5 Months Old!

December 3rd, 2011

Lizzie is becoming quite the little lady around here. She is starting to grab at everything and is really starting to be aware of her environment. I cannot believe that she is now 5 months old already. Where has the time gone???


Also, I didn’t realize it when I last posted, but that last post was our blog’s 500th post. It only took us 6 1/2 years to get to 500!

Health Update #2

December 2nd, 2011

Yesterday’s doctor appointment brought some disheartening news. The stent, which had been sewn into place using 6 week dissoluble sutures had traveled into my stomach after only two weeks of being in place. The good news was that since I have been having no pain, it appears that my esophagus has  healed to the point where it is alright that it is no longer in place. The downside is that there is a small risk that the stent might try to pass into my small intestines, which could be quite bad. They said it was unlikely, but with my luck I’m worried it will happen to me! So, I’m watching for signs of extreme nausea, in which case I’ll need to uncap my G tube to relieve pressure on my stomach and then I’d have to contact the doctor right away. We have scheduled yet another endoscopy to remove the stent and assess healing on the morning of December 12th. Until that time I still have two tubes in my abdomen, I’m still doing tube feedings and I’m still on purée diet. I will see the doctor on the 21st to hopefully have the tubes removed, and once I get the green light I’ll be placed on a soft foods diet, which allows for a greater variety of options, but still restricts items like bread, tough meats, etc. At this point I am fine with being on tube feeding (which I’m starting to tolerate a lot better), a purée or soft foods diet for as long as it takes if it means that I will continue to heal and will not be required to spend any more time in the hospital. After the first couple days in the hospital I grew to hate it with a passion and will do whatever it takes to avoid any further stays there! I am busy, active mom of 5 kids and the hospital made time go so slowly and had me so anxious to leave. I thought I was going to go crazy the last few days I was there because it was just so frustrating to be stuck there. I got to the point where I could not sleep at all and would beg the nurses to give me benedryl just to knock me out for a few hours. It was just really bad. The nurses were great and the doctors were very kind, but 30 year old moms should not be in hospitals, they should be with their family- I definitely felt quite trapped to be stuck there.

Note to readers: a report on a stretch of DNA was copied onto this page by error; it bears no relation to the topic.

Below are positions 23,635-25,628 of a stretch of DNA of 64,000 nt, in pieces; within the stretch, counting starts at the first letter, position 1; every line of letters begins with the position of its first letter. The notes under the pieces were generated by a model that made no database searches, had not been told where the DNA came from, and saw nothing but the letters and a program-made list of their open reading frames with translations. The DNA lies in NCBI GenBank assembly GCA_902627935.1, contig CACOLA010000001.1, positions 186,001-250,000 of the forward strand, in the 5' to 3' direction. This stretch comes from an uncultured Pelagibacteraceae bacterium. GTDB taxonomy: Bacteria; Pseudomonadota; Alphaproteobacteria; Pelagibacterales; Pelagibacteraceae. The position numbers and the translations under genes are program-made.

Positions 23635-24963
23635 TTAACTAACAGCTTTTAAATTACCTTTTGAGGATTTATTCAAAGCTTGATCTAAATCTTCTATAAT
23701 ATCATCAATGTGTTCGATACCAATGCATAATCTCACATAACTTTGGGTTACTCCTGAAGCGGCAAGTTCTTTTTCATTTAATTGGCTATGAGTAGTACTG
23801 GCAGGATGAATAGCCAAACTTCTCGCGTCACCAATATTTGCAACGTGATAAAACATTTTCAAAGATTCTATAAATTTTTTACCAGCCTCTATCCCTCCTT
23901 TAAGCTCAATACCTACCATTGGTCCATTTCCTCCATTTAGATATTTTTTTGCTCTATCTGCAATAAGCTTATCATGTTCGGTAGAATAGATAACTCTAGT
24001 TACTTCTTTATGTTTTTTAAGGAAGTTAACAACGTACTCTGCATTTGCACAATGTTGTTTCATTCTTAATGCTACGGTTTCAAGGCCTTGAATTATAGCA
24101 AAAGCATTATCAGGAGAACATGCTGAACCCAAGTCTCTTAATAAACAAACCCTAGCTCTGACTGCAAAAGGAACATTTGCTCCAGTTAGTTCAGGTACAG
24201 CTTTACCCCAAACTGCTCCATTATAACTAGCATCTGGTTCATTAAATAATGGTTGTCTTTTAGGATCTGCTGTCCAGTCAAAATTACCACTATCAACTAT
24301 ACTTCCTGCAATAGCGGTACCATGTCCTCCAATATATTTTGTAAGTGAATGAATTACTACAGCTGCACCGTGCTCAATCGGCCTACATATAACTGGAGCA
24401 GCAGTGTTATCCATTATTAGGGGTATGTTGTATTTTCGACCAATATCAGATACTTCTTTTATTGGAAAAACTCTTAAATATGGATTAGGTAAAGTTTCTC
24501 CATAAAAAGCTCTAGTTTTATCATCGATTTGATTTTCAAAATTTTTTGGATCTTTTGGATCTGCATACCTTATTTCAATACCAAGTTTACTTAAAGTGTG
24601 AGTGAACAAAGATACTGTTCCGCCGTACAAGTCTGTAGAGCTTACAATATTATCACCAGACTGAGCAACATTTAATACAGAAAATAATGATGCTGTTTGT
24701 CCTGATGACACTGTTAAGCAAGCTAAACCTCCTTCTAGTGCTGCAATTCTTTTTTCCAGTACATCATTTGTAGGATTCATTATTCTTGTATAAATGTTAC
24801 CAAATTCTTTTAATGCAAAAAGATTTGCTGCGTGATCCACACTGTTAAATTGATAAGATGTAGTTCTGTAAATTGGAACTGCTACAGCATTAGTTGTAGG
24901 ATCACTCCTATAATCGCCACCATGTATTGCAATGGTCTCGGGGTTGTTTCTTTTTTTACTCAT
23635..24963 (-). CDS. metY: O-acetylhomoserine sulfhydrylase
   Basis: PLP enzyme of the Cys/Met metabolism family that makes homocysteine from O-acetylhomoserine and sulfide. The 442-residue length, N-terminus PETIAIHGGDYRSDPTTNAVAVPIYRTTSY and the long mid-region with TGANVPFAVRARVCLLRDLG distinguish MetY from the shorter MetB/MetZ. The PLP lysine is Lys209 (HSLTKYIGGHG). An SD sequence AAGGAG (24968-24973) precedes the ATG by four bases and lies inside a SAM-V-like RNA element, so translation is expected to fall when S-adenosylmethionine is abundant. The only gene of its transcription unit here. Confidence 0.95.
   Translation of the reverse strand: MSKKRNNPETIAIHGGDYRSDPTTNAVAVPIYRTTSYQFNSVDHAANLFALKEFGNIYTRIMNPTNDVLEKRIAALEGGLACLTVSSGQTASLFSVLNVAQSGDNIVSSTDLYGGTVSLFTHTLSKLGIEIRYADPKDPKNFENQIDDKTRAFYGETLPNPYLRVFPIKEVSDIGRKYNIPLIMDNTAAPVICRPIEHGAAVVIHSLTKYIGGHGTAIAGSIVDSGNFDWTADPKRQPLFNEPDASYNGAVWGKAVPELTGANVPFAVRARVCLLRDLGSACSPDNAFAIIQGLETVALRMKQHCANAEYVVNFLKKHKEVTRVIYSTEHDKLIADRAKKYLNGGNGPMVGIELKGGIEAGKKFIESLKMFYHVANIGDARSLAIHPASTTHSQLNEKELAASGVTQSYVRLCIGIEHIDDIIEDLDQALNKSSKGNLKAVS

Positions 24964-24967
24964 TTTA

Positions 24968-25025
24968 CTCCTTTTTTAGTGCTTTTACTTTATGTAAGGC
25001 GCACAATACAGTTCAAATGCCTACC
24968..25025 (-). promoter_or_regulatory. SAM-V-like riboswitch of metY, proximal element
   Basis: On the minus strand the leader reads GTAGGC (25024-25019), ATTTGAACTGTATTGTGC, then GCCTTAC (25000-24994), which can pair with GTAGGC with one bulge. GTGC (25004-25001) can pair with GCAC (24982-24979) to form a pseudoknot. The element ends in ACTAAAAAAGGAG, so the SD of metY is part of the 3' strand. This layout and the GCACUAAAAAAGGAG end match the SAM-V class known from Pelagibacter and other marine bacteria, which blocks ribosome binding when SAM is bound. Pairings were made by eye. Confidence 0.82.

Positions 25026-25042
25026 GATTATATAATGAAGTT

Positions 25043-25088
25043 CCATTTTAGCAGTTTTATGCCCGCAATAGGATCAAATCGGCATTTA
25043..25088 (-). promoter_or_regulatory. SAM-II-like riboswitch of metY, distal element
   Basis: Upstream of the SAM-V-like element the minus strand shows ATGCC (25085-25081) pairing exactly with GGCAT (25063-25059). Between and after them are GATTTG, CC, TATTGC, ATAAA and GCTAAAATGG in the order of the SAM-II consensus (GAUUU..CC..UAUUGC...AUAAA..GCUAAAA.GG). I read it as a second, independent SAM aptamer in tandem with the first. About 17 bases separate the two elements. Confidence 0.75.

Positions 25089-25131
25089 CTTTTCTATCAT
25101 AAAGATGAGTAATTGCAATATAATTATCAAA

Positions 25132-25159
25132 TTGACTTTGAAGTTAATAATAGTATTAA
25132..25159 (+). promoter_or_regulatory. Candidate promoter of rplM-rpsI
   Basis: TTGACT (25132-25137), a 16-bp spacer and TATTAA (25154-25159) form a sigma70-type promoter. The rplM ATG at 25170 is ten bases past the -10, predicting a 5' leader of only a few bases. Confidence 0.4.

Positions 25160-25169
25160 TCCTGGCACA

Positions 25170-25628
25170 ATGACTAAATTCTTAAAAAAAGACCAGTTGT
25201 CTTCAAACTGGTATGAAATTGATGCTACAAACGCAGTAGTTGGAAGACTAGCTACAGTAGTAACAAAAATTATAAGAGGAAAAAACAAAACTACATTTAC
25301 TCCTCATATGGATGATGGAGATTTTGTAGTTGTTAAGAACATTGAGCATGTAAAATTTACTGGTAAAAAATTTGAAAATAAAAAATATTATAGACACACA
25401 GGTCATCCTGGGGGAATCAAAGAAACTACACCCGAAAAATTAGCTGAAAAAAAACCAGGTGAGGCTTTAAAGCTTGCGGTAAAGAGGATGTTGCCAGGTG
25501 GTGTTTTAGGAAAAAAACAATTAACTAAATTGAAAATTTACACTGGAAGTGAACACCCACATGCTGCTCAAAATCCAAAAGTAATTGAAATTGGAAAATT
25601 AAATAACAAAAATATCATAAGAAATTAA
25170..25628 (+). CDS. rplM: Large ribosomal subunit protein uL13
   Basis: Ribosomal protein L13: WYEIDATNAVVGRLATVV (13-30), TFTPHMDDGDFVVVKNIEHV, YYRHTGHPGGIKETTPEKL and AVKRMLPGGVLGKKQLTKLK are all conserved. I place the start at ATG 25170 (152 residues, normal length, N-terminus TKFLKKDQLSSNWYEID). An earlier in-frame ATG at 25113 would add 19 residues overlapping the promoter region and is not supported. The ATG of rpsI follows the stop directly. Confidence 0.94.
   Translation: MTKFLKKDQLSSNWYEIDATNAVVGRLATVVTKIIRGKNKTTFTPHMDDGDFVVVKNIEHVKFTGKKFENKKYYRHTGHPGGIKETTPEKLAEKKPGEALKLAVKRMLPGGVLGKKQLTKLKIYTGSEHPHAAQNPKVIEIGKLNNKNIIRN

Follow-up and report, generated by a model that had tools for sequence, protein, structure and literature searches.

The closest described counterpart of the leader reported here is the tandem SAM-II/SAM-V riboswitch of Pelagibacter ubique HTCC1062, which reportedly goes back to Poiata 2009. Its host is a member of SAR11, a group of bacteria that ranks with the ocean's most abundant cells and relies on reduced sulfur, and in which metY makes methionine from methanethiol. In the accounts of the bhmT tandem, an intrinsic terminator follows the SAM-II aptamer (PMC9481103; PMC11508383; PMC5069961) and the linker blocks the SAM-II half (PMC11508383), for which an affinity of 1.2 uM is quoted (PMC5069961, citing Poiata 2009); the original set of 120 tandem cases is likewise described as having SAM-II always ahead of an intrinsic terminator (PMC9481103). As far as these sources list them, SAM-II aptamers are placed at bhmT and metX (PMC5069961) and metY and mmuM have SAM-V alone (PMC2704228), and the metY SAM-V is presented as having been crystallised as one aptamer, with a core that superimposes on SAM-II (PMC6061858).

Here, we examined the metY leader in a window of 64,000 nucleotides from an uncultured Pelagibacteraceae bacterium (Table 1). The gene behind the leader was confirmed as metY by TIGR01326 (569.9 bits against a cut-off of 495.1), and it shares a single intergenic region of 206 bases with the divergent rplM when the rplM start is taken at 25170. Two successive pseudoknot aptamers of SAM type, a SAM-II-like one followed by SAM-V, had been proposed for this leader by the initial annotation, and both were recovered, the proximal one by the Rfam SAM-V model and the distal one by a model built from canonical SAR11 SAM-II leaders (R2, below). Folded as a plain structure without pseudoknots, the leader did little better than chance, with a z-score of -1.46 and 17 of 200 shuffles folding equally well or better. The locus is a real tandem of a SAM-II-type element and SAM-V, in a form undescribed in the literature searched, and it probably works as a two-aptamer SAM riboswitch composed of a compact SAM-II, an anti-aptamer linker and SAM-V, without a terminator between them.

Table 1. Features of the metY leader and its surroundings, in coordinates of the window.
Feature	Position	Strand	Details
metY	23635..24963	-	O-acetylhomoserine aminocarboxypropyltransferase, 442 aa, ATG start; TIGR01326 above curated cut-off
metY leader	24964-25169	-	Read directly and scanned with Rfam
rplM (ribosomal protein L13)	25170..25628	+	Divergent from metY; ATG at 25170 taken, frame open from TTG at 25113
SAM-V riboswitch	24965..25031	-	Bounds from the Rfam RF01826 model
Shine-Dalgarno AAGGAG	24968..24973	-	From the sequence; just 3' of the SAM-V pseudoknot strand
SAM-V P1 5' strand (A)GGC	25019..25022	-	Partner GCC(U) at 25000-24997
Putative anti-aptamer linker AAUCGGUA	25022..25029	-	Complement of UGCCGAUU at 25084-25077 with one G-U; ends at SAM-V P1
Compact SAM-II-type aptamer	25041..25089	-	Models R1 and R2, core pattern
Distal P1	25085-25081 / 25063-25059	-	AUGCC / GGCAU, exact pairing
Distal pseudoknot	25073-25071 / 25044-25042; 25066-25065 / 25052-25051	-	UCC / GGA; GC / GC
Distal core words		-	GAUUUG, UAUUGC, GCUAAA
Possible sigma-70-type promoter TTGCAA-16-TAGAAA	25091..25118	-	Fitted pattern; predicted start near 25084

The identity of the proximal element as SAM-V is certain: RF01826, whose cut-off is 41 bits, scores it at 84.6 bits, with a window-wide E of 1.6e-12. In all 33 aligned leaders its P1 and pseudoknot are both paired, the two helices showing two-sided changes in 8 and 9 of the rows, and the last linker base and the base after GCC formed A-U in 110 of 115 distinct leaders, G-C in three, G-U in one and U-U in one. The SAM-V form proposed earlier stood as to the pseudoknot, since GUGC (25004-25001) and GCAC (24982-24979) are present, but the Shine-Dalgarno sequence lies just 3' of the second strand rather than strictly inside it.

So, all that to say- I’m healing. Things aren’t going exactly as planned, but as the doctor said, I am definitely healthy. His goal is to get me back to a more normal-ish diet by Christmas, which I appreciate. Until then I am going to rely mainly on my tube feeding, supplement with some puréed food, and pray that my stent will remain in my stomach and my esophagus will continue to heal without the help of the stent. I would appreciate your prayers that everything will resolve quickly and that I’ll find myself soon back to a normal diet and a normal life with my family. Thank you so much!!!!